I am reading a paper that makes the following comment:

Let $(V,\nabla^V,h^v)$ be a vector bundle with a flat connection $\nabla^V$ and metric $h^V$. Then we can form the twisted de Rham complex $\Omega(M,V)$. We consider the sheaf $\mathcal{V}$ of parallel sections of $(V,\nabla^V)$. The de Rham isomorphism relates the sheaf cohomology of $\mathcal{V}$ to the cohomology of the twisted de Rham complex: $H^*(M,\mathcal{V}) = H^*(\Omega(M,V))$.

The notation previously established in the paper is $\Omega(M,V) := \bigoplus_k \Omega^k(M,V)$, with $\Omega^k(M,V) := \Gamma(\Lambda^k T^*M\otimes V)$.

I see that this is a generalization of the regular de Rham isomorphism (taking $V$ to be the trivial real line bundle). However, I am unsure why the relevant sheaf here is the sheaf of parallel sections. Is there an intuitive reason why parallel sections of a flat vector bundle are the right objects to be thinking about?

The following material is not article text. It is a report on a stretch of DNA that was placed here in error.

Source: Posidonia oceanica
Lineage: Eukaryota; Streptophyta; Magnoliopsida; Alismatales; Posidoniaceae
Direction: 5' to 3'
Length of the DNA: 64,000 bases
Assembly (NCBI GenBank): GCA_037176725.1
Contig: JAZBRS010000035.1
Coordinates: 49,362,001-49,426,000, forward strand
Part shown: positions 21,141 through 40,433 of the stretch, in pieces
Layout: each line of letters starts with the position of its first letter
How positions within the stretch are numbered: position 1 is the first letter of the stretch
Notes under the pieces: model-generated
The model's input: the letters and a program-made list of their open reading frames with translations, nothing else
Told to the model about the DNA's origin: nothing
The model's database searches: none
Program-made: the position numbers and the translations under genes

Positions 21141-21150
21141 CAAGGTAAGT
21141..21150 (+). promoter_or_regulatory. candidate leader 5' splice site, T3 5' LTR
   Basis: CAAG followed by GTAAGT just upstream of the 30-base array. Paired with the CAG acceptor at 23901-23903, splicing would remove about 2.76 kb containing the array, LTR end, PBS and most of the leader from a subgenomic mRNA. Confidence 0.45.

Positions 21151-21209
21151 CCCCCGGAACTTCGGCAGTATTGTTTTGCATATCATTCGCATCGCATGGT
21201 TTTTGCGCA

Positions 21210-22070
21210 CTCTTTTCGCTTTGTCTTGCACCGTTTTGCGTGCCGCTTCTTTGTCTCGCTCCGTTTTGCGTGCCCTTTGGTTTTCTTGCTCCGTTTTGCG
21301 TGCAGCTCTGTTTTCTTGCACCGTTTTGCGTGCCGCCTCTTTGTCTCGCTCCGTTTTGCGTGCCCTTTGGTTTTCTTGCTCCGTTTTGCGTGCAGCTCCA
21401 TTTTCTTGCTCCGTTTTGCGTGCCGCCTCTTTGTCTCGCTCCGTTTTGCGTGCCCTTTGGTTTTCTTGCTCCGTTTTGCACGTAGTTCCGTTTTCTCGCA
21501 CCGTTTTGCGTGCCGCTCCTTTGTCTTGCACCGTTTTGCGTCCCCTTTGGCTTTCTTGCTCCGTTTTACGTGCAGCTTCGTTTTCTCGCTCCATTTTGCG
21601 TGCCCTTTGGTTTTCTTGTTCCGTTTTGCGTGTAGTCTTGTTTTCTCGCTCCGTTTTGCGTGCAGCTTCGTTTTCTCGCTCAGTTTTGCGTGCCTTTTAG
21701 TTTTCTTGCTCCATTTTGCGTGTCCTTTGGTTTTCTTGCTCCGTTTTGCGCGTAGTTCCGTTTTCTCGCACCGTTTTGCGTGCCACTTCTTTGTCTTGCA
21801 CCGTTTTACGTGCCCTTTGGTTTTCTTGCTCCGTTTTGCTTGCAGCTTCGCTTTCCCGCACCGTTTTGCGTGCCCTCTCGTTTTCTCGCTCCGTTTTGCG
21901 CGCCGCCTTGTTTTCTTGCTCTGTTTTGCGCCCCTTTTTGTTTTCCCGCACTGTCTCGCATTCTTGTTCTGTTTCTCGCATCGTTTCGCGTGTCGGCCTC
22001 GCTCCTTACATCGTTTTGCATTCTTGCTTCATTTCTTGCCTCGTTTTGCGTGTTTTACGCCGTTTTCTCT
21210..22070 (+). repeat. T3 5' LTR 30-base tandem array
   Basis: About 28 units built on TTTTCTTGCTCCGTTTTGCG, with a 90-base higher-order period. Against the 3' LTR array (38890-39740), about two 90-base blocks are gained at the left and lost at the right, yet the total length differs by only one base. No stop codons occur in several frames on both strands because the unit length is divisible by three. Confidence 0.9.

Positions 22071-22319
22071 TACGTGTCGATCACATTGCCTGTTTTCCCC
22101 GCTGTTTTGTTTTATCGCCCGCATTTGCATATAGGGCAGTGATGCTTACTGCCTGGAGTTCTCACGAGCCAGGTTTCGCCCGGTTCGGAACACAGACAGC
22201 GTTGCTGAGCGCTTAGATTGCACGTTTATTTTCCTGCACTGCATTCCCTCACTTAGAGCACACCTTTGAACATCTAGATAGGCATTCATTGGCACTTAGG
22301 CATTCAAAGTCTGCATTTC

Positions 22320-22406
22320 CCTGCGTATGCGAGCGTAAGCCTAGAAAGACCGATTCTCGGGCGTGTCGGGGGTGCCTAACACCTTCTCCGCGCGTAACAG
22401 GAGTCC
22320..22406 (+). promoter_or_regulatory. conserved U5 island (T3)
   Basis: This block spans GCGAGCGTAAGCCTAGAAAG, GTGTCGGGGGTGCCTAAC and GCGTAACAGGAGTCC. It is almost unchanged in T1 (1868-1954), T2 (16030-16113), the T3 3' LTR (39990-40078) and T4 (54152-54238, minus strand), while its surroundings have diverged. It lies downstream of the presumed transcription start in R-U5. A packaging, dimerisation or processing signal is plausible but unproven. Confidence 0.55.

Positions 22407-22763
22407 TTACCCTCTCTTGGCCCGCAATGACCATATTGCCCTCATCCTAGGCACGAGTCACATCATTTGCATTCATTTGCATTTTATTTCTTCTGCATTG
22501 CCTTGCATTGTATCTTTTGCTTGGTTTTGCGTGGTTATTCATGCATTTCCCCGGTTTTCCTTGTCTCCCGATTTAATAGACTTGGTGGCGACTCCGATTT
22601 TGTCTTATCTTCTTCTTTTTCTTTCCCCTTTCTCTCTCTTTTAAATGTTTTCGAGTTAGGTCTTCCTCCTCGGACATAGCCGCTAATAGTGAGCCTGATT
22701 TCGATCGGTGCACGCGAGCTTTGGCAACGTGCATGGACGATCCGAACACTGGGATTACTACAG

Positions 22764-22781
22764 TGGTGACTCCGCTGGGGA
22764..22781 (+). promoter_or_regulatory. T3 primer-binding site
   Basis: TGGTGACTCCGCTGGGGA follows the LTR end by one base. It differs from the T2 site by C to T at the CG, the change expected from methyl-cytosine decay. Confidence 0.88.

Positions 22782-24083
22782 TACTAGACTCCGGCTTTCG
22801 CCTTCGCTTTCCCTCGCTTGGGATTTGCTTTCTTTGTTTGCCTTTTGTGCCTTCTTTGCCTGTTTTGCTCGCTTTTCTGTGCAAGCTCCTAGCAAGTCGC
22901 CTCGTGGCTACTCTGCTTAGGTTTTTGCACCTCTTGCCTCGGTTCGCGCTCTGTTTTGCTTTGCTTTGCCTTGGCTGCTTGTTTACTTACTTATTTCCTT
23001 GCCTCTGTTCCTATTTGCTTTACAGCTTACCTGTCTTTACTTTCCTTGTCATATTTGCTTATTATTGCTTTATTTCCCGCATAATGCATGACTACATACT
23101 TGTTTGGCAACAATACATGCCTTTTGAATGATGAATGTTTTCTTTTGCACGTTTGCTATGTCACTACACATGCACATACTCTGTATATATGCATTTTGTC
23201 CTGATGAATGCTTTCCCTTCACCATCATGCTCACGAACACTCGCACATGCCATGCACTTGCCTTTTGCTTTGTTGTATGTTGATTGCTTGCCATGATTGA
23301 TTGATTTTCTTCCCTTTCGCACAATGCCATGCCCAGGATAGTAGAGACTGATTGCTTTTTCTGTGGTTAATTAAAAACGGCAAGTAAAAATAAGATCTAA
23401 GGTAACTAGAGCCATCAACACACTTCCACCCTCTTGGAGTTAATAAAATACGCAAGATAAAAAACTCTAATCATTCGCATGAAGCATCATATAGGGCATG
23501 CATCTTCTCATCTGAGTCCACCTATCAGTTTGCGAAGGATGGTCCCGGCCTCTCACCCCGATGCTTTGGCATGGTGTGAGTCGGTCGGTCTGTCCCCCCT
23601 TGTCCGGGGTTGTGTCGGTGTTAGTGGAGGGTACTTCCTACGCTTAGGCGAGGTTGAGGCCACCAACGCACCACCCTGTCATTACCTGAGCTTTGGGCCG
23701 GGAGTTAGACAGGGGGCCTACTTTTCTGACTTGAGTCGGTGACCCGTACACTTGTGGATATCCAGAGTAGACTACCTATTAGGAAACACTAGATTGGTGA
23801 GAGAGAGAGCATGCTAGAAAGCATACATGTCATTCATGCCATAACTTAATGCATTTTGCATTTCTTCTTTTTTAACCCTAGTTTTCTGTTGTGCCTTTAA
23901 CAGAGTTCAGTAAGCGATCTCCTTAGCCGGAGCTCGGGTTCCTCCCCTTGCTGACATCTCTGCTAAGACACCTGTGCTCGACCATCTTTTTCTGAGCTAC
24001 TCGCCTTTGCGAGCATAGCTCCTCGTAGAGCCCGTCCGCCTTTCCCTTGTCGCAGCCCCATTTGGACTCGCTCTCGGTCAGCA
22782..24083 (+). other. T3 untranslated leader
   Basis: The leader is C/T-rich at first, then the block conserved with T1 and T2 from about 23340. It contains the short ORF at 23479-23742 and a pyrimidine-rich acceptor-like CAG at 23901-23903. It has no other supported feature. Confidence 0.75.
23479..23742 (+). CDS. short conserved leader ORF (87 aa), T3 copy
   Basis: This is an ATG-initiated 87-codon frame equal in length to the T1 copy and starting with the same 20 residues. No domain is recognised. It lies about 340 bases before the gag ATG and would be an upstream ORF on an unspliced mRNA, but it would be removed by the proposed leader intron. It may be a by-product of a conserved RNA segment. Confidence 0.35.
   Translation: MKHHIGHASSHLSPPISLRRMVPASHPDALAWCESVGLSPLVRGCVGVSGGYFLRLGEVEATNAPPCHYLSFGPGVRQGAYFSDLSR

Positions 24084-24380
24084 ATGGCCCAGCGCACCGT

1 Answer 1


After discussing with someone, I came to a satisfactory answer. The key fact is that the sheaf of parallel sections is a locally constant sheaf. This can be seen by trivializing $V$ in a neighborhood $U \subset M$. Then the connection determines a horizontal distribution of $V$ over $U$ (i.e. a subspace $H_x \subset V_x$ for each $x \in U$) and a parallel section is a vector valued function on $U$ whose values lie in $H_x$ for each $x$. The stalks at each $x\in U$ are then clearly all the same.

At a higher level, $\mathcal V$ and $(V,\nabla^V)$ each determine each other (see local system). Therefore it is natural to ask if their respective cohomology theories coincide.


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